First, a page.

for the event of the day, can never-be detained within the limits of a single article. If, indeed) iit were possible that this p;reat " JJrift" couid be petrified, then tf'e task might'be performed at leisure, aud in detail, otherwise it is well nigh hopeless. ~ , -, • t But although, dust apart, the hign road is far the more enjoyable method of getting to the course, in these days of rapid and luxurious travelling the railways take down | numbers vast-'y exceeding those who drive or | are driven. For several hours ten-minute I trains wers running y<sfcerday, and yet each fresh departure left upon xhe platform hundreds of passengers, tickets in hand, who were unable to find seats. In the -midst of snch a concourse those who were going-about their ordinary bu:inoss felt entirely oat of place, and tendered their luggage in a deprecatory and apologetic manner. The sight, when once the spectator emerges on the Downs, by whichever routs lie has come, is always impressive. The grand undulating sweep embraced in the horseshoe course of a mile ami a half is for the most part covered with a living mass of spectators, broken here and there by barricades of vehicles, stands, and booths, allowing the green surface to ajppeir only in those spots from which no advantageous view can be obtained. As trains arrive aai vehicles pour in, the spectators accumulate even more rapidly than the nails in that other horseshoe which |to most schoolboys is a, hideous arithmetical [nightmare- One edge of.the course is fringed with canvas edifices, flunking the central buildi ing, which tosses its Union Jack high in air [in ! token of its superiority, and' further asserts its prerogative by smoking in a manner indicative of good cheer below; All these stands, from the | grandest to the smallest, are as full as full can j be—so full that rainy who have paid their t money, and find that seeing in them is a [process only less difficult than that of I breathing', volnntarily retire and take up | their places among the throng outside. It is I a singular gathering which " this freemasonry of the turf engenders. The proudest mera- ' bers of the proudest aristocracy pass, it may Ibe jostle, tile least cleanly of costermongers lat every turn. True, when the race begins I the latter cannot occupy the positions which ; are open to the former; but till then they are on a footing of perfect equality. _ Kindred tastes and' congeniality of pursuits have brought them together, for the day at least, and neither is sensible of the slightest incongruity. Within the area known as " the Ring the types of men are massed together whose faces were sketched inimitably in the Seven Sons of Mammon. Immediately overhead sit their JKoyal Highnesses the Prince of Wales and the Com-mander-in-chief. The force of contrast can no further-go; But it is two o'clock, andhigh time to visit the paddock, if a good look is to be obtaiued at the competitors, and an estimate formed of their relative merits. The favourites, as usual, are last in appearing, and do little more, indeed, than walk through the psddof.k on their way to the weighing and saddling post. But some who are desirous of creating a favourable impression arrive early, and pace" up and down among the spectators, who, at this point, owing to the tariff and the difficulties thrown in the way of obtaining tickets, are exceedingly select. Birch Broom, Historian, and Paris seem to be the horses creating the best impression; but the struggle, of course, is to see General IPeel, Cambuscan, and Scottish Chief, who at the eleventh hour advanced in favor so ivonderfully. It is strange, even in the simple operation of moving up and down a paddock, what shades of character are exhibited by different horses. Some, with faces soft and delicate as gazelles, return the spectator's stare with mute surprise. Others follow their grooms moodily to and fro, switching their tails, and to all appearance conscious of the work before them. Others object in . a decided manner to the crowd which follows them about; .-■ and some few require a strong arm and a man's weight upon their backs to keep them from bursting into open rebellion. At one time it seemed as if it were on the point of raining—more or less, indeed, it had been threatening all day—and a quiver of sensation ran through the assembly, A single shower might revolutionise the conditions of the race. But ihis was not to be. The firm leg and the hard hoof are indispensable -the " brazen hoof," as it would have been in Homer's time, when there are good reasons for believing that horses were not shod at all. shortly before three o'clock, at the sound of the bell, the whole of the starters advanced to the front of the Grand Stai-d f;>r their preliminary canter; but the public lingered so affectionately on the racecourse that the jockeys had time to walk nearly to Tr.ttenham Corner before they had a clear path back again. After three or four false starts, the horses, thirty in all, were duly arranged, and the ringing of the bell announced to the pablic, who bad once or twice before been excited by false alarms, that the race was fairly on; but it was when the horses rounded Tattenham Corner that the spectators began to understand the magnificent character of the finish they were about to witness. Ordinarily the horses have by that time dropped nearly into a string, having a few knots in it, but a string. There is a glittering rise and fall beyond the hedge at that point, which affords a means of gauging pace and distance. On this occasion the horses seemed to roll round the corner in a, bundle, and to spin down the hill like so many colored balls. The pace, already tremendous, increased at every moment, and it was not till tha horses were fairly abreast of the line of stands that ifc could be said to which group victory was likely to incline. Even then there was a little see-sawing, and the excitement and clamour became oppressive. Suddenly it was perceived that a horse which had not been seen in the paddock, though it earned favorable notice in the canter past, but which was not clearly identi-1 fied then, being by many mistaken for Birch Broom,;wasrapidlypas3ingallth.eothers, and gaining even upon the favorite. This was a tall horse with striking action of its fore legs, and a face prominently marked with white—in other words, Blair Athol. Still it seemed that General Peel could win easily if he liked; his long swinging stride had carried him past everything else, and a single effort seemed all that was necessary to retain his place. His jockey gave an uneasy glance over his shoulder; he had done, and was doing his best, but Blair Athol, longer in the limb, and i with strength befctsr preserved, shot passed him i him (after a momentary struggle, an easy win- j ncr by two lengths. Mr Merry's Scottish Chief made a good third; the others-had nearly all puled in. Even to the last moment the public faith in the qualities of Birch Broom was so strong, the colors of j bis rider beitig very similar to those sf the winner, that it was not till the telegraph spoke that uncertainty oh tae point was removed. In point of speed the race was most remarkable. As taken by "Benson's Chronograph," the time which it occupied was 2min. 445ec3., being 8 2-10 th sec. less than was taken to traverse the same course in 1863, and l|sec. less than in 1862. These races have only been timed for the last ten or twelve years, and in the year when Blink Bonny, the darn of Blair Athol, achirved her victory, she traversed the course in 2min. 45sec._, the shortest time of which any recard then existed. Hers remained the most rapid performance until 1861, when the Derby was won by Kettle-drum in 2min. *43sec. It will be seen that there is only the difference-of-a* second between Blair Athol's performance and that of the fastest horse ever known upon the Epsom course.' . Immediately that the race has concluded, persons began to remember the brilliant pedigree of which the winner could boast. Foaled by Blink Bonny, the winner of the Derby six or seven years ago, and, in the same week, of the Oaks likewise,: his sire Stockwell, through prevented from succeeding on the course at Epsom, had won the ■ cit Leger, and also carried off the 2000 Guineas.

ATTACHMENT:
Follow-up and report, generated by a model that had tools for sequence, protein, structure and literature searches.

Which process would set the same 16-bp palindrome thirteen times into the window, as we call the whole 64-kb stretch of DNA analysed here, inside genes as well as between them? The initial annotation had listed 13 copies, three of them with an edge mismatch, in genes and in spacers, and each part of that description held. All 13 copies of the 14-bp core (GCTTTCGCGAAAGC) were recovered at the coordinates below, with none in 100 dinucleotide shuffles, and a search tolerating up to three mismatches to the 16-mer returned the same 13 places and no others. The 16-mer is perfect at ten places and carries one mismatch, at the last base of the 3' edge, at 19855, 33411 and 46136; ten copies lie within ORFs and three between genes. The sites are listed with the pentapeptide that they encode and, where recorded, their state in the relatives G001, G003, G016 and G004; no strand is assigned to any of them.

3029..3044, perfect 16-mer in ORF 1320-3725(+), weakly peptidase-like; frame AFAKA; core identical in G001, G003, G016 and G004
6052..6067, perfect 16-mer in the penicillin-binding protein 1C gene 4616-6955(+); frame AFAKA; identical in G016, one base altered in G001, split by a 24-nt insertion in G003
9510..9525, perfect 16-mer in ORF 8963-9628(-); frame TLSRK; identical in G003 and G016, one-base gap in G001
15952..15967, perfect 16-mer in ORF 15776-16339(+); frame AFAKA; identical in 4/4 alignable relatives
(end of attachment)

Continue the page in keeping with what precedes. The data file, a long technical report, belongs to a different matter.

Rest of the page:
We subjoin a more technical account of the great race: —